It will be seen 'as a whitewash': Senior politicians from all sides condemn Alison Saunders decision not to prosecute Labour peer Lord Janner because he has dementia. 

By Daniel Martin, Chief Political Correspondent For The Daily Mail and Martin Robinson for MailOnline

Published: 22 April 2015

Eleven leading figures from nine parties have written a joint letter questioning the CPS's decision not to prosecute Lord Janner for child abuse

Eleven leading figures from nine parties have written a joint letter questioning the CPS's decision not to prosecute Lord Janner for child abuse.

Leading politicians from seven parties have come together to attack the decision not to prosecute Lord Janner over child abuse and accused the CPS of orchestrating a 'whitewash'. 

Putting the election aside, 11 leading figures said that Director of Public Prosecutions Alison Saunders was ‘damaging public confidence' in the justice system with her ruling.

The CPS has been accused of double standards for not prosecuting Lord Janner after it emerged at least 19 men with dementia have been convicted of child sex offences since 2010, including ten in the past year.

MailOnline has revealed that some paedophiles , including several too ill to enter a plea, have still been prosecuted and in some cases jailed for the rest of their lives because of historic sex attacks.

But Alison Saunders and the CPS insist Lord Janner cannot face prosecution. 

Politicians have written to a national newspaper to demand the decision be reversed amid public concerns.

The cross-party group, led by Labour's Simon Danczuk, asked in their letter to The Times: ‘Have we learnt anything from the mistakes of the past?

‘As long as justice is not seen to be done and the greater public interest is not served, the public will see attempts to investigate establishment figures involved in historic child abuse as a whitewash.'

Mrs Saunders announced last week that 86-year-old Labour peer Lord Janner, who has dementia, would not face trial over 22 serious offences against nine alleged victims in Leicestershire, from the 1960s to the 1980s.

The intervention was co-ordinated by Mr Danczuk, who investigated the Cyril Smith abuse scandal in Rochdale and the subsequent cover-up. 

Mrs Saunders' decision has already drawn criticism from Home Secretary Theresa May.

Police are considering a legal challenge, and Lord Macdonald of River Glaven, a former director of public prosecutions, has also questioned the decision.

Last night a former president of the Law Society said the Crown Prosecution Service had failed in its duty to put suspected wrongdoers before the courts.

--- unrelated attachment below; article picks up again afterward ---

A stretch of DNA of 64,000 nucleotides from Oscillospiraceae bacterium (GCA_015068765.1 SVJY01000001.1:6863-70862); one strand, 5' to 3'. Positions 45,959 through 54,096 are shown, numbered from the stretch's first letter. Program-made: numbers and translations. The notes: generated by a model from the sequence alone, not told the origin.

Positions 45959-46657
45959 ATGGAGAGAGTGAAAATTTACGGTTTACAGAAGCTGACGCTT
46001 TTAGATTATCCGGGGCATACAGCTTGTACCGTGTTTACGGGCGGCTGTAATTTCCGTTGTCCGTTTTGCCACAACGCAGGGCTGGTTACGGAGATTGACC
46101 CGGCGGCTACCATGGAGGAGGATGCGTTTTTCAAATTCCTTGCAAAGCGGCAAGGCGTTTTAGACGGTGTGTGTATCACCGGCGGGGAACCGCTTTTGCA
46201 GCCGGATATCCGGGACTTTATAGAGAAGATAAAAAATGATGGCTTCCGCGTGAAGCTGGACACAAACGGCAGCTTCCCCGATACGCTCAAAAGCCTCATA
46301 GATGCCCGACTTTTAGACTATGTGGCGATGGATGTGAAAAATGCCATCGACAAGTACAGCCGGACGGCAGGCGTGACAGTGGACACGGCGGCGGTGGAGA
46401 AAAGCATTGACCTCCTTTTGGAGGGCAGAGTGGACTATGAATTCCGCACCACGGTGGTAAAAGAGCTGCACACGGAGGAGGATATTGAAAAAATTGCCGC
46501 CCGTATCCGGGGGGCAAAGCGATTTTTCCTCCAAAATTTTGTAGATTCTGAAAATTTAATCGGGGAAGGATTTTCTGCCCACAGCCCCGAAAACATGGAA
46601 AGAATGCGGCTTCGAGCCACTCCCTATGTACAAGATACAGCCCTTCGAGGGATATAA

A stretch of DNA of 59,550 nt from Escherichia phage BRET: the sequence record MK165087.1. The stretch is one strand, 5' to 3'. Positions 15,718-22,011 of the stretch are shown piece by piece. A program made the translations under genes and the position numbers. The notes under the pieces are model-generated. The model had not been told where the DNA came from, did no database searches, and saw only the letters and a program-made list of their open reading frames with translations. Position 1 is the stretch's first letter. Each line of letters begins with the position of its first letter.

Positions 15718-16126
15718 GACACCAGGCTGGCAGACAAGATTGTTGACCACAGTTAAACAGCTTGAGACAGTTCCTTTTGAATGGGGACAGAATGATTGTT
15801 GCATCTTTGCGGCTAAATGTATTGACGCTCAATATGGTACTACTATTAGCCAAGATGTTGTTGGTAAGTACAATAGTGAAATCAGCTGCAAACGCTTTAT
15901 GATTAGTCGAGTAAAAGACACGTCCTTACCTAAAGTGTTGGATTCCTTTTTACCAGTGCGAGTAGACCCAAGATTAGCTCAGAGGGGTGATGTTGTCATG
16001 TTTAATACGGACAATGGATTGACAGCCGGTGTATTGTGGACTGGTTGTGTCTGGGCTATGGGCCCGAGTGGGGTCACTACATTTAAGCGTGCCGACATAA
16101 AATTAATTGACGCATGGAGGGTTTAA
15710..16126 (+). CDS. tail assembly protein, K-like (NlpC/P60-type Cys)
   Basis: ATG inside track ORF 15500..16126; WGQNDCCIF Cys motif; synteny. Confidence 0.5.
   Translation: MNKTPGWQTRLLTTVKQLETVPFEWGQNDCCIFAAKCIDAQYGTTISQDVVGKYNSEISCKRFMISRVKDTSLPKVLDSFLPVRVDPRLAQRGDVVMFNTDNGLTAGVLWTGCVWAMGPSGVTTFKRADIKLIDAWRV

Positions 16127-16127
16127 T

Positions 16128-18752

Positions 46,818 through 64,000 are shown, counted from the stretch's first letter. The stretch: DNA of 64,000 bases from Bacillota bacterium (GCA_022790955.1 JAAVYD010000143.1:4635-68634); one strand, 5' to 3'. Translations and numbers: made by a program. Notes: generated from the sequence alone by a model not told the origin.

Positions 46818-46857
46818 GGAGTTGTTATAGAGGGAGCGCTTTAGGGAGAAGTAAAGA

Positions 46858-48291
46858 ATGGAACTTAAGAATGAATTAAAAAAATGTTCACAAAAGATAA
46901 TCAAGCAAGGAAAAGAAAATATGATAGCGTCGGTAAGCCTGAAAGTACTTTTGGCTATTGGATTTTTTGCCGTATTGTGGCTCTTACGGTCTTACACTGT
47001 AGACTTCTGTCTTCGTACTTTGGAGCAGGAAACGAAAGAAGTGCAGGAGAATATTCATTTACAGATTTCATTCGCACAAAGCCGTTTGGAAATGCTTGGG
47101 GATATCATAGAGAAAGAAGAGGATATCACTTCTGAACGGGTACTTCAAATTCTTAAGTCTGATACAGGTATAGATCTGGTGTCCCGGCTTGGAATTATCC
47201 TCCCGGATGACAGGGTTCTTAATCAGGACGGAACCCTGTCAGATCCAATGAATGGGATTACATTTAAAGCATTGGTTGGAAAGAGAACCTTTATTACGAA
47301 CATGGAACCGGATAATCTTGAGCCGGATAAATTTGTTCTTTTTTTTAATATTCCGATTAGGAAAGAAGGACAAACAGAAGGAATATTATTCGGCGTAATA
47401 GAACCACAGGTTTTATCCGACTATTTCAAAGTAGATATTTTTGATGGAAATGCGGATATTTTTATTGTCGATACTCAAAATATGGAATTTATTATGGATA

Tory Zac Goldsmith has also signed the letter
Simon Danczuk (left) led the intervention, that was also backed by the likes of Tory Zac Goldsmith (right), Green MP Caroline Lucas, Ukip's Mark Reckless and John Hemming from the Liberal Democrats.

Linda Lee, who now represents victims and witnesses, said: ‘Alison Saunders may well be right that Lord Janner is not fit to stand trial but it should not be a matter for her to decide. 

'The matter should be brought before the courts so that the evidence may be tested in accordance with the law.

‘This case clearly demonstrates why victims of abuse feel let down by the system.'

Leicestershire Police told The Times they were concerned about alleged improper attempts by a member of the Bar to influence key legal decisions in their investigation into Lord Janner and other suspects.

A spokesman said: ‘We are aware of this barrister and had concerns but were assured the CPS were dealing with this matter.'

The CPS said no improper attempts had been made to influence Mrs Saunders.

A spokesman said: ‘The DPP was not unduly influenced by anyone when making this decision. As head of the CPS — an independent prosecuting authority — the DPP is used to making difficult decisions and will continue to do so independently.' 

The letter accuses Director of Public Prosecutions Alison Saunders (pictured) of 'damaging public confidence'  with her ruling that Lord Janner is unfit to be prosecuted due to his Alzheimer's

The letter accuses Director of Public Prosecutions Alison Saunders (pictured) of 'damaging public confidence' with her ruling that Lord Janner is unfit to be prosecuted due to his Alzheimer's.

HOW COURTS CAN DEAL WITH SUSPECTS WITH SEVERE DEMENTIA 

A procedure exists to deal with criminal suspects thought to have mental illness.

In serious cases where a judge rules a suspect is not fit to stand trial a jury can hear the evidence in the suspect's absence and decide if the individual committed the crimes.

A suspect is not found to be guilty, or not guilty, but a jury do rule on if they have committed the crimes.

Often the judge will order them be detained in hospital, often indefinitely.

The patient's discharge, transfer or leave of absence from hospital cannot be without the consent of the Secretary of State. 

Lord Janner's family has said that the former Leicester West MP is a man of the ‘highest integrity' who is ‘totally innocent of any wrongdoing'.

The peer was found to have Alzheimer's disease in 2009 but continued to speak in the House of Lords until December 2013.

He stopped attending in the week police searched his home in Hampstead, north London, and later took formal leave of absence. 

That leave was renewed this month when Lord Janner signed a letter to House of Lords clerks.

The full list of signatories to The Times letter is: Mr Danczuk ( Labour ); John Mann ( Labour ); John Hemming (Liberal Democrat); Zac Goldsmith (Conservative); Nadine Dorries (Conservative); Mark Reckless ( Ukip ); Caroline Lucas (Green); Naomi Long (Alliance party); Jim Shannon (DUP); Sarah Wollaston (Conservative); Tessa Munt (Liberal Democrat). 

AT LEAST 19 DEFENDENTS WITH DEMENTIA HAVE BEEN CONVICTED FOR SEX CRIMES... AND TEN OF THEM WERE IN THE LAST YEAR

Case: The CPS has decided not to prosecute Lord Janner over alleged child sex offences but 19 others with dementia have been pursued in recent years
Case: The CPS has decided not to prosecute Lord Janner over alleged child sex offences
but 19 others with dementia have been pursued in recent years.